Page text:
Advertisement

Science

Materials

Hydrophobic nanostructures stay dry for months underwater

By mimicking naturally-occurring nanostructures found in things like water striders, spiders and lotus leaves, scientists have created hydrophobic surfaces that could prove invaluable for everything from pipes to boats and submarines. Now researchers at Northwestern University have deduced the optimal texture roughness required to achieve this property and keep surfaces dry underwater for months at a time.Read More

Environment

India's Cochin International to become world's first completely solar-powered airport

It may not be the first airport to fit solar panels to its terminals, but India's Cochin International Airport is set to become the first in the world powered entirely by solar. Situated in Kochi, the airport handled 6.8 million passengers in the 2014-15 financial year and forecasts a 300,000-tonne (330,700-ton) reduction in carbon emissions over the next 25 years as a result of the switch to solar.Read More

Electronics

Smart light lets you control your environment

What if the light in the room could sense you waving your hand as you enter? And what if it responded by introducing minute light changes that instructed your smart coffee machine to switch on? Researchers at Dartmouth College have developed a sensing system called LiSense that aims to make the light around us "smart." Not only does it use light to sense people’s movements, but it also allows them to control devices in their environment with simple gestures, using light to transmit information.Read More

Electronics

Sensor detects sound direction and cuts background noise

Although the ability tends to wane as we get older, the human auditory system is pretty good at filtering out background noise and making a single voice able to be understood above the general hubbub of a crowded room. But electronic devices, such as smartphones, aren't quite as gifted, which is why getting Siri or Google Now to understand you in crowded environments can be an exercise in futility. But now researchers have developed a prototype sensor that’s not only able to figure out the direction of a particular sound, but can also extract it from background noise.

Read More
Biology

Edible coating more than doubles strawberry shelf life

Strawberries may be delicious, but they don't have much of a shelf life. So if you find a great bargain on a flat of them, you can end up throwing half of it away after a few days. In a move that may save many a shortcake, scientists at the University San Nicolás de los Garza in Mexico have developed an edible coating made from pectin that preserves strawberries for longer without affecting their taste.Read More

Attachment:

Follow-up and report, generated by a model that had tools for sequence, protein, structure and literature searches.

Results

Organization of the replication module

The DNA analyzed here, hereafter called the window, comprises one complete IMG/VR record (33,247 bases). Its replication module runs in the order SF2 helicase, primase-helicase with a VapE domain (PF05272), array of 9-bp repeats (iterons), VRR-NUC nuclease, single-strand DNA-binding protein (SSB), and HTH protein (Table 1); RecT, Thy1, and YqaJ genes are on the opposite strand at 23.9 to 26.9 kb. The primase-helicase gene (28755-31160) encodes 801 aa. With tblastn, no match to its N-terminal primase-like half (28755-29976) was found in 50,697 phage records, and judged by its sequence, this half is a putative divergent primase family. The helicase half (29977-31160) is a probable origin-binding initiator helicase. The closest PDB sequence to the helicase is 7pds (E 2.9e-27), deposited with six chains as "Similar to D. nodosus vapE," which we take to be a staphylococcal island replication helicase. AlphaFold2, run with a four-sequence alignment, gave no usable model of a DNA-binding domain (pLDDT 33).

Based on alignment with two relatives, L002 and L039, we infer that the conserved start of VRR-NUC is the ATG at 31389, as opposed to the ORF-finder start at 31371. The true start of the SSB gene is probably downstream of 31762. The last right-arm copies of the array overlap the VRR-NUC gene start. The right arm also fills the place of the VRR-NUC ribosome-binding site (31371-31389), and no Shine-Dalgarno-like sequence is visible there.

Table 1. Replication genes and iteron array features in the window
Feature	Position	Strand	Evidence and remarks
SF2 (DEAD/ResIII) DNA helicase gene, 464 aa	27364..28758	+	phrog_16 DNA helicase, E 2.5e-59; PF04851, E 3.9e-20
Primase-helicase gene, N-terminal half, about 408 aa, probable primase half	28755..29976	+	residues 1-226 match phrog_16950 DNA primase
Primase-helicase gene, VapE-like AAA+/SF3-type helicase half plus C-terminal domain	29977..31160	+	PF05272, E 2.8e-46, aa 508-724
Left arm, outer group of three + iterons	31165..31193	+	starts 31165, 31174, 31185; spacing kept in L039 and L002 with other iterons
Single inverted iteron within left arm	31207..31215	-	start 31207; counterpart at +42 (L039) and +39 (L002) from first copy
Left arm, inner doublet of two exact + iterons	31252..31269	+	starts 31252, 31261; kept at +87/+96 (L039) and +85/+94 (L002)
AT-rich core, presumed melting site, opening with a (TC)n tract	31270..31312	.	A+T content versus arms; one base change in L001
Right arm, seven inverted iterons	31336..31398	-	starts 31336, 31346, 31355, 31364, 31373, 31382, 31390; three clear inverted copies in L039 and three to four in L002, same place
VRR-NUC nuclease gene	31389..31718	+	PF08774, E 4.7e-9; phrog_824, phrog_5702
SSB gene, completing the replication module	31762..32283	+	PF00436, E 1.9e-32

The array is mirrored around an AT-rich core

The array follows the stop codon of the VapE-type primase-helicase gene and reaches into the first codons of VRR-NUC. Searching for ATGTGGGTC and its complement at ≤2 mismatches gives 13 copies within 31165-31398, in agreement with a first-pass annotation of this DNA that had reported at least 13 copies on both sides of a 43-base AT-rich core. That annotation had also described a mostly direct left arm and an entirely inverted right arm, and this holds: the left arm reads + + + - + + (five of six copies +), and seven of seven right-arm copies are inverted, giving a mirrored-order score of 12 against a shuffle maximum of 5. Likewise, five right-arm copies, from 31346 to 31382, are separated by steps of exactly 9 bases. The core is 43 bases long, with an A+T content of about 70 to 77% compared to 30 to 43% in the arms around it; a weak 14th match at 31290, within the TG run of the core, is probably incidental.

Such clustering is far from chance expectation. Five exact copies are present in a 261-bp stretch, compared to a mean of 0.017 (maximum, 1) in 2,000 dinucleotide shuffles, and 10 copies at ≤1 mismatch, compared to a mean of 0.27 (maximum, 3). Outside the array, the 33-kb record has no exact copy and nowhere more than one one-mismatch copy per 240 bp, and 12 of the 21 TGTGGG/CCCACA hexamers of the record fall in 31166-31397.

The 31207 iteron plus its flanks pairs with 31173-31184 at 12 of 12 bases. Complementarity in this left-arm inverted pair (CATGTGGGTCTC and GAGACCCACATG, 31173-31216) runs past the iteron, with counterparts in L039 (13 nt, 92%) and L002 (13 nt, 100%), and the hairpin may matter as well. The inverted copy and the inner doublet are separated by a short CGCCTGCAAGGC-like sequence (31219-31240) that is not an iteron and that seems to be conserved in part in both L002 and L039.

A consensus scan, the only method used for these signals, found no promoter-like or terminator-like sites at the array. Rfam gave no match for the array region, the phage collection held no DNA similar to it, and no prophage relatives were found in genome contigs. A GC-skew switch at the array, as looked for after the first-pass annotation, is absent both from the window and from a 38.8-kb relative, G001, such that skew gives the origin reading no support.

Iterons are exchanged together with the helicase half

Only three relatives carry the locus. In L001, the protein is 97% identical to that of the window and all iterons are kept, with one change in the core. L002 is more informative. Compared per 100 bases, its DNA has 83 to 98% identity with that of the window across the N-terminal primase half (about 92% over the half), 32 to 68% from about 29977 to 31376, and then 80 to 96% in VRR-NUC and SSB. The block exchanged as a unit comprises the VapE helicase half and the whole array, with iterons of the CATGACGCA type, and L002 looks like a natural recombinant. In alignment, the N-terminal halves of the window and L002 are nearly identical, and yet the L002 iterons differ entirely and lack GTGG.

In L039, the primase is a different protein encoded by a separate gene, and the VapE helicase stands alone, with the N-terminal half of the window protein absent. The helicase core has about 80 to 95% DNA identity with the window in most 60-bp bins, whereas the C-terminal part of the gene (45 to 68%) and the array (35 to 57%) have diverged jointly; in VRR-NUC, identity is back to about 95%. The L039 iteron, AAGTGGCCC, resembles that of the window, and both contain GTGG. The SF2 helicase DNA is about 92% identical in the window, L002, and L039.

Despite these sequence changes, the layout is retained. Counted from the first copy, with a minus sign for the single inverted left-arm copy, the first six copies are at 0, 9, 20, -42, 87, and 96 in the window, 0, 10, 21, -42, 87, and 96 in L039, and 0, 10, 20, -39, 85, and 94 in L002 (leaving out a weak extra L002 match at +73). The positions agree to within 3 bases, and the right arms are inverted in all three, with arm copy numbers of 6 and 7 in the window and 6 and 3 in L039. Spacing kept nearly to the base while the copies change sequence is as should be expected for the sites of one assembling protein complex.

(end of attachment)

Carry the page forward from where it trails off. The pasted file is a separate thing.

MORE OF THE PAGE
Space

NASA issues boarding call to take your name to Mars

Buying tickets into space has typically been the reserve of governments and billionaires, but if you want to send your name on an interplanetary jaunt NASA might now be able to accommodate you. The space agency is now accepting submissions from members of the public who'd like their names recorded on a silicon microchip and shuttled to the Red Planet onboard the InSight Mars lander launching next year.Read More

Materials

Snake skin-inspired steel could lead to better hard drives

When it comes to human phobias, snakes are frequently found toward the top of the list. But despite the negative reputation, these reptiles make up an important part of our ecosystem while exhibiting some very unique biological aspects. The way snakes move across surfaces is pretty incredible, and researchers at the Karlsruhe Institute of Technology (KIT) have figured out how to potentially use that feature to enhance everything from hip prostheses to computer hard disks.Read More

Biology

The brain stores memories relative to time and place of origin

Where and when you form new memories affects where they are stored in the brain's hippocampus, which is the memory center in our brain, researchers at Ohio State University found in a new study. They saw evidence that a particular part of the hippocampus stores memories relative to time over durations of at least a month and space over distances of up to 30 km (18.6 mi).Read More

Electronics

SunPort tells the grid you want to use solar-generated electricity

A new, simple device has been designed for people who, for financial or practical reasons, can't have PV panels on their rooftops, but still want to show their support for solar power and help the industry grow. The amount of electricity used to power a gadget connected to the SunPort plug is offset against solar credits, essentially making your electronic device solar-powered. Kind of.Read More

Environment

Project Sunroof calculates rooftop solar potential using Google Maps

Ever balked at installing solar panels on your roof because it's pretty damn expensive or you're not sure how much power it would actually generate, or a combination of both? Well, a new venture from Google is aimed at taking the guesswork out of weaning your household off the grid. Powered by Google Maps, Project Sunroof can tell users how much sun is hitting their roof and how much they might be able to shave off their power bills.Read More

    Advertisement
    Advertisement
    Advertisement
    Advertisement

    See the stories that matter in your inbox every morning

    Advertisement